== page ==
Here we go again. Another multi-billion-dollar company has found itself as the target of a cyber-attack. It seems that these stories are becoming all too common lately. This time it was one of America’s largest beer makers, Chicago-based Molson Coors Co. Molson Coors is America’s second-largest beer producer second to Anheuser-Busch. Molson Coors brews its namesake brands Molson and Coors, as well as Miller, Blue Moon, Leinenkugel’s, Redd’s Hard Apple, and Topo Chico Hard Seltzer.
So, what exactly happened and why did a beer maker get attacked? In short, hackers forced the maker of Coors to stop making beer and halt production completely. Molson Coors experienced a systems outage that was caused by a cybersecurity incident leading to a variety of issues for the company, including brewery operations, production, and shipments.
Unfortunately, it’s become more common for cybercriminals to target high-profile organizations like Molson Coors. Brewing and alcohol companies are under attack. Similar enterprises that have fall victim to cyber-attacks this past year include Brown-Forman, Australia’s Lion, and Italy’s Licya Campari Group. There have been several high-profile cybersecurity incidents lately. Hundreds of thousands of Microsoft Exchange users around the world were targeted as part of a Chinese-linked hack.
Cost of Downtime
Downtime related to a cyber-attack can cost companies thousands of dollars every minute. A 2017 report gauged the total at nearly $9,000. That’s nearly $13 million a day for a multi-billion-dollar company that operates around the clock. There’s no avoiding downtime, either. The infected systems have to be taken offline to limit the spread of the attack and kept offline until a remedy can be achieved. That can take weeks depending on the severity of the attack. Even companies who choose not to pay their ransoms can end up with millions of dollars in incident-related costs.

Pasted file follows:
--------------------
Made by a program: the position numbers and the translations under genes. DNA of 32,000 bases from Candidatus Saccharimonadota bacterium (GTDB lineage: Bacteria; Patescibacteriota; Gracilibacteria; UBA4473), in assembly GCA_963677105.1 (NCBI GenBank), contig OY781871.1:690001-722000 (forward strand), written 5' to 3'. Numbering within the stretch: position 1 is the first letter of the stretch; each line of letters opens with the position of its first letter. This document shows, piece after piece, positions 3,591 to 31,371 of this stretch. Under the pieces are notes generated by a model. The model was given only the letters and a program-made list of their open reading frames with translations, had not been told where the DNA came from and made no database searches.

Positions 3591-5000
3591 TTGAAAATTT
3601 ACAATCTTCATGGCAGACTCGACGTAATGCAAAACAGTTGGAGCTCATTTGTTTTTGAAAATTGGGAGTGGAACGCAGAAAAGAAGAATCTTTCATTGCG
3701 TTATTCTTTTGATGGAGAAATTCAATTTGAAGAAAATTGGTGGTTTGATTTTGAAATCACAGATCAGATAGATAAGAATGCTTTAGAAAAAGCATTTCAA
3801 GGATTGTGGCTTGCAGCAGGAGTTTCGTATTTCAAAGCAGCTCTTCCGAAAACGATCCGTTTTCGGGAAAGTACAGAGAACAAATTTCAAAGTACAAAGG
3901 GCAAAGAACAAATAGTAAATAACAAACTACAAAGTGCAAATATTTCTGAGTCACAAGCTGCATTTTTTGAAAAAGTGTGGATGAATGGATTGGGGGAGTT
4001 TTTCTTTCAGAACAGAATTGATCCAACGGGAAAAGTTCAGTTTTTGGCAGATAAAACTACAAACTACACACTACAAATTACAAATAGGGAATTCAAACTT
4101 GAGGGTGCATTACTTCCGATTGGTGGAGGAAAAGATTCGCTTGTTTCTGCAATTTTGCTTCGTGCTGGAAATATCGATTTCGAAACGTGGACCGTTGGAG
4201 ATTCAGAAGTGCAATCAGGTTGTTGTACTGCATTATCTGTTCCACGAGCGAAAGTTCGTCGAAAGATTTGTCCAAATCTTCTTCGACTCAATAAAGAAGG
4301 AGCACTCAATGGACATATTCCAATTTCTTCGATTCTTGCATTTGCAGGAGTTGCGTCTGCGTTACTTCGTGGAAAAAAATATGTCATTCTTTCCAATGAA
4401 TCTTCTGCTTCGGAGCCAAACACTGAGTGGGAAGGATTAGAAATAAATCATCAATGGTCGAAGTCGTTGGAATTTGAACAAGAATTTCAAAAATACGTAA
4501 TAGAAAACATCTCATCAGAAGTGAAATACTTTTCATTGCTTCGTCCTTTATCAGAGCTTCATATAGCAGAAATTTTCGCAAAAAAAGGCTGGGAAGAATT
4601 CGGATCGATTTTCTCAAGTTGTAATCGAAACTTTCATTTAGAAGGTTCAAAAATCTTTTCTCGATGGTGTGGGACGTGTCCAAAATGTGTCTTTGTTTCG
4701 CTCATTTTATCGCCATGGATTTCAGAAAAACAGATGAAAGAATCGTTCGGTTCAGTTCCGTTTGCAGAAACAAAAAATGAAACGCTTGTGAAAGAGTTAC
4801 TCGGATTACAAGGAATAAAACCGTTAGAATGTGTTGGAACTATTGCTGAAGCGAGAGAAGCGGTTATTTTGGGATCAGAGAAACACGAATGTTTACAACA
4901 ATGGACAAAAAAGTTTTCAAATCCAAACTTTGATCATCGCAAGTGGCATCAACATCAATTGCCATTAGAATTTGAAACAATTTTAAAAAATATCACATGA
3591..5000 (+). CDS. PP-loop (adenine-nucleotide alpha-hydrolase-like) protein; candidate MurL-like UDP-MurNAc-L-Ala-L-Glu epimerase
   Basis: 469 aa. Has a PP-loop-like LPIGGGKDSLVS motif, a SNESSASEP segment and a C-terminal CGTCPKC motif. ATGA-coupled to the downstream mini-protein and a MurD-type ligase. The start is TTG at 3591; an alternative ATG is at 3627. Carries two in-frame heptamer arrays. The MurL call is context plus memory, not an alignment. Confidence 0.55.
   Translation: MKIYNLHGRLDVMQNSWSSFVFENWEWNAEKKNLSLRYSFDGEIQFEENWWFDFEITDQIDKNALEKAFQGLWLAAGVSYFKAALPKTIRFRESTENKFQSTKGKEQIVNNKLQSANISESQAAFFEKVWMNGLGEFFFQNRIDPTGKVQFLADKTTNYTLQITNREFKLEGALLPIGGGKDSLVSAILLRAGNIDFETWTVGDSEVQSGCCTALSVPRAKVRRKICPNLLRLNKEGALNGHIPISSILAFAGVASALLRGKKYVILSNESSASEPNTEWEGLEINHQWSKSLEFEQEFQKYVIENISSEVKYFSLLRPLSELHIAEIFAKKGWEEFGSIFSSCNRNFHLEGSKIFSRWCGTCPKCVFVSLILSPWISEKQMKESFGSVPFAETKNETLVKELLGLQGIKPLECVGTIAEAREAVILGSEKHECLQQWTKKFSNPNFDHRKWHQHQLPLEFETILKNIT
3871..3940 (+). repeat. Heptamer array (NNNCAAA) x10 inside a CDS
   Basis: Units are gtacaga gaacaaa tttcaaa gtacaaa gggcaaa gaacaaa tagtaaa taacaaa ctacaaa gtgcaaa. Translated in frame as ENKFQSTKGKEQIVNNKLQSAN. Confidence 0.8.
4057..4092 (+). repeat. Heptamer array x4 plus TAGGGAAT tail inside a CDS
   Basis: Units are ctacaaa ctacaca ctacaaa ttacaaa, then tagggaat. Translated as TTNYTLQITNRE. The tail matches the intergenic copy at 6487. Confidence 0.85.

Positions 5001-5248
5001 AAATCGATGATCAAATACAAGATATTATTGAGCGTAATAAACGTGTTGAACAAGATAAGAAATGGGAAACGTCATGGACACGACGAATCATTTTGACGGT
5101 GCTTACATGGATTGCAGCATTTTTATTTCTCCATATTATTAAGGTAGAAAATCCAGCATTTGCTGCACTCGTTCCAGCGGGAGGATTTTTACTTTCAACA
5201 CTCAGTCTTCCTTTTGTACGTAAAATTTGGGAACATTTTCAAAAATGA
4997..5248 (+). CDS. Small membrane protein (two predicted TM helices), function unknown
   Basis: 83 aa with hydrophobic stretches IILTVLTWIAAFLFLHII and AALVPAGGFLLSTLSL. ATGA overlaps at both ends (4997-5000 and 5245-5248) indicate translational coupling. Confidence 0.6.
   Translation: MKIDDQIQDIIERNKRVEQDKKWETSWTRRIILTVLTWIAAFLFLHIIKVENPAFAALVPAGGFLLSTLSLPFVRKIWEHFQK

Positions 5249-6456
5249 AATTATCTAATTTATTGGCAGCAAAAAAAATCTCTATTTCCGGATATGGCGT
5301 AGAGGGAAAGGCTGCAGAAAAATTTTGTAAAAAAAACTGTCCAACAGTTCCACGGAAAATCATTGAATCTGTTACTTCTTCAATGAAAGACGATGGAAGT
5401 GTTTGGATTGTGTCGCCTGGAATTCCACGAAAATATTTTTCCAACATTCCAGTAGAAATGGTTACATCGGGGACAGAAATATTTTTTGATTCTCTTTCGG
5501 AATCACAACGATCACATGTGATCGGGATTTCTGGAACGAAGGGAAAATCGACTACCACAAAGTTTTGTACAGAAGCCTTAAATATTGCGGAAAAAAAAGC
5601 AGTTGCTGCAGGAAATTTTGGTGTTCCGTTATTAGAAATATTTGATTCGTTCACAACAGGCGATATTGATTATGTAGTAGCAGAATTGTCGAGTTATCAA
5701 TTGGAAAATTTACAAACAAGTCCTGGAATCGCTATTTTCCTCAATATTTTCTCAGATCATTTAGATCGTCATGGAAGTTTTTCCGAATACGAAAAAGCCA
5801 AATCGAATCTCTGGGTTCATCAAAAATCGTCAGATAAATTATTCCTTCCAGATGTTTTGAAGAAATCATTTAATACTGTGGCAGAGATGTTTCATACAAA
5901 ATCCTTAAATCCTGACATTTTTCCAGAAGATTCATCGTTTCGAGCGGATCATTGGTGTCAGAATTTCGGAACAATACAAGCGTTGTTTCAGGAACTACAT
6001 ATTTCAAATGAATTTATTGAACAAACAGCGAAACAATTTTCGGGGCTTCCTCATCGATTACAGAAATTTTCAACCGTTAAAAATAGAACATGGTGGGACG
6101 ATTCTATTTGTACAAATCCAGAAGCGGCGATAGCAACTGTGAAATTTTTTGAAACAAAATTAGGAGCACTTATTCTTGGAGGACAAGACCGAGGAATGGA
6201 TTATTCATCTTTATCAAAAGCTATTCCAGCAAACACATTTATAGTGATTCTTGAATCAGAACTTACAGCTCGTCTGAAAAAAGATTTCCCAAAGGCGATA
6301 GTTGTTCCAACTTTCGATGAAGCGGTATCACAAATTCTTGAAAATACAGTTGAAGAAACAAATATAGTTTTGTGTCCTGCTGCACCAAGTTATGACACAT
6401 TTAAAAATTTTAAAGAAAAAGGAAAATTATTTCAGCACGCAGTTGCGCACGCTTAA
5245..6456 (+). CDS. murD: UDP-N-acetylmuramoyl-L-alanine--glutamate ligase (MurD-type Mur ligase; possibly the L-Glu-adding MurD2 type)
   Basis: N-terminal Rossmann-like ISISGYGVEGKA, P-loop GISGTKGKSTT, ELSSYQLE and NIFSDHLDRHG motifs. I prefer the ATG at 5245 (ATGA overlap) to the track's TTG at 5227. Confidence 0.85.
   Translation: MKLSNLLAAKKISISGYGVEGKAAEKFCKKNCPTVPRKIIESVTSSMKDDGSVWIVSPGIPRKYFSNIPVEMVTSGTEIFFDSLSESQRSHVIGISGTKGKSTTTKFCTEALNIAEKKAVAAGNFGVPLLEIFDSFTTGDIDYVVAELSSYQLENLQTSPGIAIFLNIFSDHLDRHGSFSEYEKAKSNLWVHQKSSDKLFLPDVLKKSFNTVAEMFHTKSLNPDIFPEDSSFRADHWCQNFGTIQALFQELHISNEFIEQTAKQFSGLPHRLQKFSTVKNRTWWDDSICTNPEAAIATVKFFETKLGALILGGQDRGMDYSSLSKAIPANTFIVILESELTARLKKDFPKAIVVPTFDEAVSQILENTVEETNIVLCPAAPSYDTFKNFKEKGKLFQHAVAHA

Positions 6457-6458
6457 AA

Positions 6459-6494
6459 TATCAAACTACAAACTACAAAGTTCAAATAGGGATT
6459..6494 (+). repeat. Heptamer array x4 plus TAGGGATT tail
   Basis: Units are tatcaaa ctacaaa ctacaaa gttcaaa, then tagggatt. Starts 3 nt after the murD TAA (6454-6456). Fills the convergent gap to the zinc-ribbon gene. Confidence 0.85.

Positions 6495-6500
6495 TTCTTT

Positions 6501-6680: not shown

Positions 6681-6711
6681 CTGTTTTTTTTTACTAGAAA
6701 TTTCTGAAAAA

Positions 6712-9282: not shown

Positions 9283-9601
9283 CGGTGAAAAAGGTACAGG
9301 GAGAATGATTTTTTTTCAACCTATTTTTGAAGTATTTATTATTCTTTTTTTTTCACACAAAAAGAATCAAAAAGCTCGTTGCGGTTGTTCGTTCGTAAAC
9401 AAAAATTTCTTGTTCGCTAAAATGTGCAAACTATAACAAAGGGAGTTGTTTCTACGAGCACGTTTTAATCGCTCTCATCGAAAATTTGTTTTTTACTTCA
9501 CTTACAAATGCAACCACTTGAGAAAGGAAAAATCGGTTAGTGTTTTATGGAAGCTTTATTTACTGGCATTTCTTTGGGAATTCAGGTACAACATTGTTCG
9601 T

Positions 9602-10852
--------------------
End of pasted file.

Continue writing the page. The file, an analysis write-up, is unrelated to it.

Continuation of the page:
It’s unclear how much of the Molson Coors beer production was disrupted by the breach, nor is it clear how this will impact the company’s future production. The company has said they were working around the clock to get its systems back up as quickly as possible. They have actively engaged a leading forensic IT firm to assist our investigation.
Preventing Downtime and Loss
Let’s face it, there’s no way to guarantee your organization can avoid a cyber-attack. Heck, even the government gets attacked. A study showed that 33% of ransomware attacks targeted state and local government in 2019. What you can do is prepare for an attack and ensure your data is backed up and offline. That way if an attack does come your way, you can waste as little time as possible getting your systems back up and running. Here are a few things that we recommend to prevent your data from being completely lost or stolen in a cyber-attack.
You will want to create an airgap using the 3-2-1-1 rule. What’s an airgap? What’s the 3-2-1-1 rule? Let us break it down it for you. An airgap is a strategy used to keep an offline copy of your data on tape. Any data that is stored on tape is removed from the network, meaning ransomware can’t cross the “gap of air” that separates it. This is also where the 3-2-1-1 rule comes into play. The 3-2-1-1 rule goes as follows:
- Create at least THREE different copies of your data.
- Store your data on at least TWO different types of media
- Store at least ONE of these copies offsite
- Store one copy of data OFFLINE
Whether you have the best backup solution on the market, the latest anti-virus protection available to the public, or multiple data siloes, this next generation of cybercrime is progressing quickly. In a cloud-based backup, data is backed-up over the internet and most likely stored in a shared storage base at an off-site data center maintained by a third-party company. It’s best to ensure your data is backed up where only YOU can access it.